Precious Little Talent?

10 Questions with Alumni Marta Kane
We talk Meisner, Middle child syndrome and Making her own work!
Why did you choose to become an actor?
Middle child syndrome. I kid! I’ve always wanted to tell stories and move
people – as a kid I spent hours imagining characters, stories and playing them
out in my head. Often I felt like I had more empathy than most of my peers,
almost too much for my own good, so I turned to books and writing to protect
myself and lived in my imagination. But I wanted the stories I was reading and
writing to come true and actually happen, which led me to acting. I think
performing finally gave my sensitivity an outlet (and probably saved me from
a psychiatric ward…)
What has been your most challenging acting role and why?
The title role in a short period film Lula, where I play a pregnant woman in
1944 Poland who has to choose between saving her unborn child or her
husband. There were technical things, like having to learn German
phonetically (as I’d never spoken it before) and portraying a pregnant woman.
There was also the fact that Lula was a true story, which brings about its own
challenges when trying to portray a real-life (and still living) character
truthfully. But the biggest challenges were emotional, getting to quite dark
places and staying in them for numerous takes. Having a super supportive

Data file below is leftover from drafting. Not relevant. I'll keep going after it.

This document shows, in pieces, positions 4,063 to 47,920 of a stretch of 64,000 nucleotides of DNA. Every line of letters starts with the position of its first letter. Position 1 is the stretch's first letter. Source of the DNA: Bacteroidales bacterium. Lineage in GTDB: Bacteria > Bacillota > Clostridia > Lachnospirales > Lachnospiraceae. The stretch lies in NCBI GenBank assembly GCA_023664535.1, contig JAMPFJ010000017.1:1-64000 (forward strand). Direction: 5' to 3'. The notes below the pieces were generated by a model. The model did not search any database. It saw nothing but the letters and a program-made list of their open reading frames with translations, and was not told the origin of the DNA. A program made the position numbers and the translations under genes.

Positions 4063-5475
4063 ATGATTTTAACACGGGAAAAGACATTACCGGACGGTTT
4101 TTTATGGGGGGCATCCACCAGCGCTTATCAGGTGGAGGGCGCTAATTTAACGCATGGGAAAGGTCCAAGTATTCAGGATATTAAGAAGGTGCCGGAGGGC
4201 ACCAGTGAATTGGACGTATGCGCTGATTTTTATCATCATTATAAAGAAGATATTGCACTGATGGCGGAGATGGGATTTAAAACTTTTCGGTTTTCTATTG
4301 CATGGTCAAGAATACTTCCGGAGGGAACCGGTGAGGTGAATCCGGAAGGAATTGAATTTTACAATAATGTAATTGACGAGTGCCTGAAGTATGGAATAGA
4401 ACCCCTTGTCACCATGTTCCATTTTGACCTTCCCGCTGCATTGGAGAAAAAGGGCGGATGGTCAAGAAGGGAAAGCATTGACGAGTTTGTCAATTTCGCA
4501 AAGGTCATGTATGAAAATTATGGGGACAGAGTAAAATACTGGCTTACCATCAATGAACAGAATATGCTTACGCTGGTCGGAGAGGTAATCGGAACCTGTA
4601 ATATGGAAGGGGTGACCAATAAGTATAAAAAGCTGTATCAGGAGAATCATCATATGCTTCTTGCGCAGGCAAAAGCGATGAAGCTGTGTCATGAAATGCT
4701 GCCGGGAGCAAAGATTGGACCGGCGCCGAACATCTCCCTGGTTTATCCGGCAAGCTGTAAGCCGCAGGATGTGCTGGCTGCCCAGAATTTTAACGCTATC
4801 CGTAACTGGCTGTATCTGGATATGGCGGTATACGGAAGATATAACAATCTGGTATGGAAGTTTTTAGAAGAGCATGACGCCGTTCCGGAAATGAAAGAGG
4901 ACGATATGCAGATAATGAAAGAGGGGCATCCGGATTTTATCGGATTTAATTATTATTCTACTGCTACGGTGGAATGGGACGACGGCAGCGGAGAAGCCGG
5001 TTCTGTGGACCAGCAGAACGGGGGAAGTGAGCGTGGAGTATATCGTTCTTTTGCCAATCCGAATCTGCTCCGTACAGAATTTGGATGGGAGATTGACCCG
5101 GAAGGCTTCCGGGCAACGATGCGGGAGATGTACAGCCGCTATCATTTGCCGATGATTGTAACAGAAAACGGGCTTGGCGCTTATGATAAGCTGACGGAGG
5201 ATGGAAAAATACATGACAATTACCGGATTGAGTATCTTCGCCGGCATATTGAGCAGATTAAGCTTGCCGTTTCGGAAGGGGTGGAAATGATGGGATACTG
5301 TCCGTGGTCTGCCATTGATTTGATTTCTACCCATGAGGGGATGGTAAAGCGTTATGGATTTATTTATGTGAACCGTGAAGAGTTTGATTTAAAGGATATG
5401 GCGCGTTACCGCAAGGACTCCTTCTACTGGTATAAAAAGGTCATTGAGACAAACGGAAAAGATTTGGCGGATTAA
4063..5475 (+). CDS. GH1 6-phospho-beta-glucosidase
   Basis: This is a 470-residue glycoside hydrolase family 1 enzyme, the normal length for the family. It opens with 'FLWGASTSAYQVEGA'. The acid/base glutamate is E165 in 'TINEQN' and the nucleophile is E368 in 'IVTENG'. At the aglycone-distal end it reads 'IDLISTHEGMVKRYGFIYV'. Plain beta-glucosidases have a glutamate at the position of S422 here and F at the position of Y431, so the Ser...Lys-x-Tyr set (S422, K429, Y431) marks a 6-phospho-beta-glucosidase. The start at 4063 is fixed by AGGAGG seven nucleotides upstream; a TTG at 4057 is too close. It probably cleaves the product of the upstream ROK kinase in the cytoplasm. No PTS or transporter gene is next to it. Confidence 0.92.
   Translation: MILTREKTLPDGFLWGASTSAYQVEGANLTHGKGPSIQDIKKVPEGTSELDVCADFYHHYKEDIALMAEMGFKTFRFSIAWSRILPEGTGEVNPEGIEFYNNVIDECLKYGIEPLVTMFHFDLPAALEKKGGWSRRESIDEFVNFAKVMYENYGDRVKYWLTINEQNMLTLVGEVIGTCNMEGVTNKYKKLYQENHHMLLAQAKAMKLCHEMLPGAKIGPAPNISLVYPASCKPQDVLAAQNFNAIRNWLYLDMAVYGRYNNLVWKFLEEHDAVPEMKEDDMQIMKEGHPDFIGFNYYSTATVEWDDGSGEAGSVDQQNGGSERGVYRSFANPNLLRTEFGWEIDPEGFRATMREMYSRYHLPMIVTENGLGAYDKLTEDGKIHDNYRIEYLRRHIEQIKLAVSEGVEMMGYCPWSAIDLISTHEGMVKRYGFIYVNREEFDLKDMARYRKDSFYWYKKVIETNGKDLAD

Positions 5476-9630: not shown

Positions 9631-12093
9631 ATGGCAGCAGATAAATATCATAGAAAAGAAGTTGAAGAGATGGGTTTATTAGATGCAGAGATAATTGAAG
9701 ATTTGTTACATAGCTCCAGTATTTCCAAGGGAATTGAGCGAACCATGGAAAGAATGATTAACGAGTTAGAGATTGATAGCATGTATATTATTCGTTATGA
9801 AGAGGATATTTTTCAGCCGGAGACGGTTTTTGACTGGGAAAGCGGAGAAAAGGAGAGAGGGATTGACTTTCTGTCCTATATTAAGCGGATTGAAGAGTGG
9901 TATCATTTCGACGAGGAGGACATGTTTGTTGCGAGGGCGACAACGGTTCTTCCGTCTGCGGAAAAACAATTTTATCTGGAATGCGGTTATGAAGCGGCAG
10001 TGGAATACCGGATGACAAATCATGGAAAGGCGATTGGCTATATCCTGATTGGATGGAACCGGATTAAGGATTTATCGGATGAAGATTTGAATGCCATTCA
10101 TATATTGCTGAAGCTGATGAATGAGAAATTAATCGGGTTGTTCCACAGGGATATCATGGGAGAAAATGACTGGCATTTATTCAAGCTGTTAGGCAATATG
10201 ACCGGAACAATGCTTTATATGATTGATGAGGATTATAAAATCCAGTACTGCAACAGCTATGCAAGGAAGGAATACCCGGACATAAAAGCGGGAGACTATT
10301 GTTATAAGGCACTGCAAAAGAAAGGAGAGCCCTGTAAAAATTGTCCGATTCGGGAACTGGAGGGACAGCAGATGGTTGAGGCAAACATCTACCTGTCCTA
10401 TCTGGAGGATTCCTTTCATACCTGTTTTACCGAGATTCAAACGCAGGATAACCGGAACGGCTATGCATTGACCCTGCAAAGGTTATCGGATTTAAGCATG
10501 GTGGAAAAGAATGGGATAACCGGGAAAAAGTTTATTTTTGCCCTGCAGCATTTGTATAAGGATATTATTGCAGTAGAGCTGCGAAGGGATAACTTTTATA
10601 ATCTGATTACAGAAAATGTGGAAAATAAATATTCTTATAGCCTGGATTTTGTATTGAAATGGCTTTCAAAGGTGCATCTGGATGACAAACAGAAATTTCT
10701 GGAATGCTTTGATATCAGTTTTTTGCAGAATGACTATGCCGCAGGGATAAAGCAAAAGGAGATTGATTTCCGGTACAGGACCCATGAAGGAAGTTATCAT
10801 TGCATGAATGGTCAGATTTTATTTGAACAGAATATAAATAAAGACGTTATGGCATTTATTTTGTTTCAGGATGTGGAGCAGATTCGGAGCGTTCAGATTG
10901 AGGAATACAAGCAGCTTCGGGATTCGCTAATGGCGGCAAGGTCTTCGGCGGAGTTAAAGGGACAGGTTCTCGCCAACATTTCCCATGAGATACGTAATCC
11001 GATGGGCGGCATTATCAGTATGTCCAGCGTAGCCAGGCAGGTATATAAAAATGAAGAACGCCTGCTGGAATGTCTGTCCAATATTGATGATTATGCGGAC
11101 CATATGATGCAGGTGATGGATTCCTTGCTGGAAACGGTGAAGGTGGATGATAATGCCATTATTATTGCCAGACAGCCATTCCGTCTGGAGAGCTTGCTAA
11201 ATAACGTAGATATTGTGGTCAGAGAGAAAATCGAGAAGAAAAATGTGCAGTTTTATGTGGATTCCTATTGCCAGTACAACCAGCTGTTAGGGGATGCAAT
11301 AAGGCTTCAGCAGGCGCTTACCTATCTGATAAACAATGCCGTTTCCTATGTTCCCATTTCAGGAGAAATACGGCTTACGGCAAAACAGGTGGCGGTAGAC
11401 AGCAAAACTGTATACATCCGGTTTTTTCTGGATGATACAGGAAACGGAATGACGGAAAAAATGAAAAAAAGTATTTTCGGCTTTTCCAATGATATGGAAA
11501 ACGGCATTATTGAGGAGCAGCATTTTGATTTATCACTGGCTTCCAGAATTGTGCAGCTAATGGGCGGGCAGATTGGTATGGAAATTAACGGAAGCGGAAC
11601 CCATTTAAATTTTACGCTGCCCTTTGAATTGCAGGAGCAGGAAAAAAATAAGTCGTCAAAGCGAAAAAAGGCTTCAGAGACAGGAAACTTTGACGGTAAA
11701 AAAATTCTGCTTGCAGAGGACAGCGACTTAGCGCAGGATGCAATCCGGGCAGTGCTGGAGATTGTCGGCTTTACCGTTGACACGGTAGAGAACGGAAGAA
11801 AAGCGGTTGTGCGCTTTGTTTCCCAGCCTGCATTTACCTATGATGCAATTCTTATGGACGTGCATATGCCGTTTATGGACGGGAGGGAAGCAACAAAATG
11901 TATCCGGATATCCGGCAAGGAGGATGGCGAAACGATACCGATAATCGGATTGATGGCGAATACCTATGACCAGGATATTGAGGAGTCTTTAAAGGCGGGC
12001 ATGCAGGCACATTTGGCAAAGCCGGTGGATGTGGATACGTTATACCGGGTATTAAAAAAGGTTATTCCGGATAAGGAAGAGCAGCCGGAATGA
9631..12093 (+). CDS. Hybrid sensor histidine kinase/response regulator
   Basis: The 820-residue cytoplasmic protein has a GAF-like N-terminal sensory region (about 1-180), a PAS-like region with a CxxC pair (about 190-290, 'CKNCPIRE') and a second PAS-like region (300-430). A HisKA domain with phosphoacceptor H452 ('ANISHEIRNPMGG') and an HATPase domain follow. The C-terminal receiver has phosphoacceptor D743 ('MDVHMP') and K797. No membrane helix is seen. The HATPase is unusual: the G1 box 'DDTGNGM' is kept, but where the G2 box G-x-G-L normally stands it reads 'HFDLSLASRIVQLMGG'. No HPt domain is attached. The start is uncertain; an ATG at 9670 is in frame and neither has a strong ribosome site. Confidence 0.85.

cast and crew helped make these challenges easier.
You recently appeared in ‘Precious Little Talent’, what inspired you most
about your role?
I love that Joey’s a survivor. The sheer amount of sarcasm and negativity that
come out of her mouth could make you think she’s given up on trying to
improve her – it might seem – failed life. But despite her demeanour she is
constantly on the lookout, constantly searching for that tiny thing that will
make tomorrow a little bit better than today. She never loses hope and it’s her
grit that ultimately transforms her from a girl into the woman she is by the end
of the play.
Do you have a pre-show ritual for nerves?
I make sure I’m warmed up – physically and vocally. Feeling prepared to go
on stage helps calm the nerves. I also warm up emotionally – if I’ve spent the
whole day hustling to pay my rent, walking around a city as lonely as London
and generally putting on a brave face to fit into the modern society I need to
take all the armour off before going on stage in the evening. I take time in
silence to connect to whatever I’m feeling that day, touch on the nervousness
and remind myself that I’m here for genuine connection with another human
being – my scene partner.
What brought you to The Actors’ Temple?
I had a very brief introduction to various acting techniques from one of my
tutors at Goldsmiths College in 2013 and Meisner was the one that somehow
clicked with me. I did my research and found an Introduction Course with Tom
Radcliffe, Sandy Meisner’s student, at The Actors’ Temple. That week long
course was a life- and career-changing experience. I wished I could dig
deeper and do a full two-year programme but at the time they were only
available in America. Luckily, a few weeks later the Temple announced that
they were going to start a full Meisner training course and I signed up straight